The Memphis Commercial Appeal reports today that Congressman Stephen Fincher has introduced a new version of the welfare drug testing bill called The Welfare Integrity Act of 2013. Following a ruling in a Florida court striking down drug testing of welfare recipients as a violation of the Fourth Amendment, this new bill would ask welfare recipients, as a condition of receiving public assistance, to waive their Fourth Amendment rights in order to agree to random drug testing.
Fincher made the case for The Welfare Integrity Act, saying, "Americans are generous in providing assistance to those in need but they also expect their tax dollars to be used in a responsible manner. Welfare assistance is meant to help those going through hard financial times to buy food and basic living expenses for their families. It's not too much to ask folks to keep clean in order to receive federal assistance."
Civil libertarians disagree. The Commercial appeal story citied Hedy Weinberg, executive director of the American Civil Liberties Union of Tennessee, as saying that drug testing of welfare recipients is, “unconstitutional and mean-spirited.”
Cong. Fincher's web site describes the legislation as follows: “The bill requires all new applicants and current recipients to sign a consent waiver to be tested for illegal drugs in order to receive assistance from the Temporary Assistance for Needy Families (TANF) program. If welfare beneficiaries fail a drug test or are arrested on a drug related offense, they will be unable to receive the benefit and cannot reapply for one year. Further, the legislation requires states that receive funding from the TANF program to certify that there is a program in place to test 20% of applicants and recipients for illegal drugs. States that do not comply would forfeit 10% of their TANF funding.”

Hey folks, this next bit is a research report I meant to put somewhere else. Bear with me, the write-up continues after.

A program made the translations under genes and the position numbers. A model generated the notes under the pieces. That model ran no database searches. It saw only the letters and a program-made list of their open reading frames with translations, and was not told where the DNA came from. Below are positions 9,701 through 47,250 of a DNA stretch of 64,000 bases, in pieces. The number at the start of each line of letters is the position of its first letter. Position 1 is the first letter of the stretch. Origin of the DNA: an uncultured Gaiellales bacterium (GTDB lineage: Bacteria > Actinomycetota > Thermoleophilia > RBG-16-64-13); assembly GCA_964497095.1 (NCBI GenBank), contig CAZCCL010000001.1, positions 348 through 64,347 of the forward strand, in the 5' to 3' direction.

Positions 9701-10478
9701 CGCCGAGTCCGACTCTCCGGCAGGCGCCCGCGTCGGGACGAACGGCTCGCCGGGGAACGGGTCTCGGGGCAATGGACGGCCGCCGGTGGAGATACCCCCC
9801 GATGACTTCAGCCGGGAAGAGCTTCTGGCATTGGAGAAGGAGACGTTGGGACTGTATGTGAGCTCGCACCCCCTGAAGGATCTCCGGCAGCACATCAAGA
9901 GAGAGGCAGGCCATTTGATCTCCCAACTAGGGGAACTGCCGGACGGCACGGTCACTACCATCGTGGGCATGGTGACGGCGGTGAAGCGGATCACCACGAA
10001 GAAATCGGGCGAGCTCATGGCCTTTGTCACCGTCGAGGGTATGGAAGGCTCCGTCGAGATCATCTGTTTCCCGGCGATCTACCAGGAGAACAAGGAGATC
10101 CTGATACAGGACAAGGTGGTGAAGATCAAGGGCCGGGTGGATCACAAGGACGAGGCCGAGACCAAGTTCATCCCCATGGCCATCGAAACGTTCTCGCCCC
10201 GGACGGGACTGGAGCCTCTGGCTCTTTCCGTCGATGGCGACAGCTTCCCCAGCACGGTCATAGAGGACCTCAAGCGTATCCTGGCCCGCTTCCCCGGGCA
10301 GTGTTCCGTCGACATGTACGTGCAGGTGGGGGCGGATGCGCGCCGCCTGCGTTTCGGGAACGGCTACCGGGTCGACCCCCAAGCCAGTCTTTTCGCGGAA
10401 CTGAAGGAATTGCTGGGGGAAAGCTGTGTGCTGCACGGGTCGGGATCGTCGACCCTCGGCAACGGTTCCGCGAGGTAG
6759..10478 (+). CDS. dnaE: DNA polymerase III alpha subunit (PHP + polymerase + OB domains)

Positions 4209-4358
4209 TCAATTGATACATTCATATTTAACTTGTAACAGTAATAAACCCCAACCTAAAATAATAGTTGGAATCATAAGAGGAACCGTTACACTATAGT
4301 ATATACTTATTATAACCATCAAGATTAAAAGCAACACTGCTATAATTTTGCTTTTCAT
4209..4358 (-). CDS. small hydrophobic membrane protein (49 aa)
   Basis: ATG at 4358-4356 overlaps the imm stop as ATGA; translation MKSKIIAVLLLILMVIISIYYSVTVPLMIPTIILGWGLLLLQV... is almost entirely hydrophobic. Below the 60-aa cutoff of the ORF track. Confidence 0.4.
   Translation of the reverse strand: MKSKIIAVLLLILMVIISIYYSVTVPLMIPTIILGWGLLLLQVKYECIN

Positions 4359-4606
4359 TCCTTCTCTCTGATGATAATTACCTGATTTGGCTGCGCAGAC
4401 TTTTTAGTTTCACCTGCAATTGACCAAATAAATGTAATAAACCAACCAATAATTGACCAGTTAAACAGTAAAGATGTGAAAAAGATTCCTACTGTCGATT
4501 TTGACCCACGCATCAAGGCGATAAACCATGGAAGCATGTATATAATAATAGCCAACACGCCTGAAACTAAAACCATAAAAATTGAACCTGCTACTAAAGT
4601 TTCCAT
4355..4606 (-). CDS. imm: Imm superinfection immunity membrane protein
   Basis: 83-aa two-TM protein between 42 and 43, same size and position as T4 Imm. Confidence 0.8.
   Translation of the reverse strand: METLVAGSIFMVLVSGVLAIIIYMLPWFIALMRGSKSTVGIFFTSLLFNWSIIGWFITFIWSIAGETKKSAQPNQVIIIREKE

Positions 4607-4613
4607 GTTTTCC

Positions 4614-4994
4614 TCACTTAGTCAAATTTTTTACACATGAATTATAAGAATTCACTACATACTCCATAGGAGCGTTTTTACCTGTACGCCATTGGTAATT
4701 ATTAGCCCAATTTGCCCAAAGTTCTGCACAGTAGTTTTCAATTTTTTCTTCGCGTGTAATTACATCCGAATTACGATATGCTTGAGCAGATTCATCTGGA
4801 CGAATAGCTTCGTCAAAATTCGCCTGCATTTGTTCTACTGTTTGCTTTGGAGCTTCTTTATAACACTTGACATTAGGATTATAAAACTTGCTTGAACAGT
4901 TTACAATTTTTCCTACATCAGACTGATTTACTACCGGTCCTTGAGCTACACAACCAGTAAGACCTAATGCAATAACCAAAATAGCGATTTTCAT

Several states including Colorado, South Dakota, Florida and Missouri have state legislators working to pass state legislation requiring welfare recipients to submit to random or periodic drug testing. Sponsors of the bills have stated they heard requests from constituents who are concerned that some welfare recipients are finding way to spent those funds to purchase illegal drugs. Most polls show strong public support for the concept of requiring welfare recipients to submit to drug testing as a condition for receiving public assistance.
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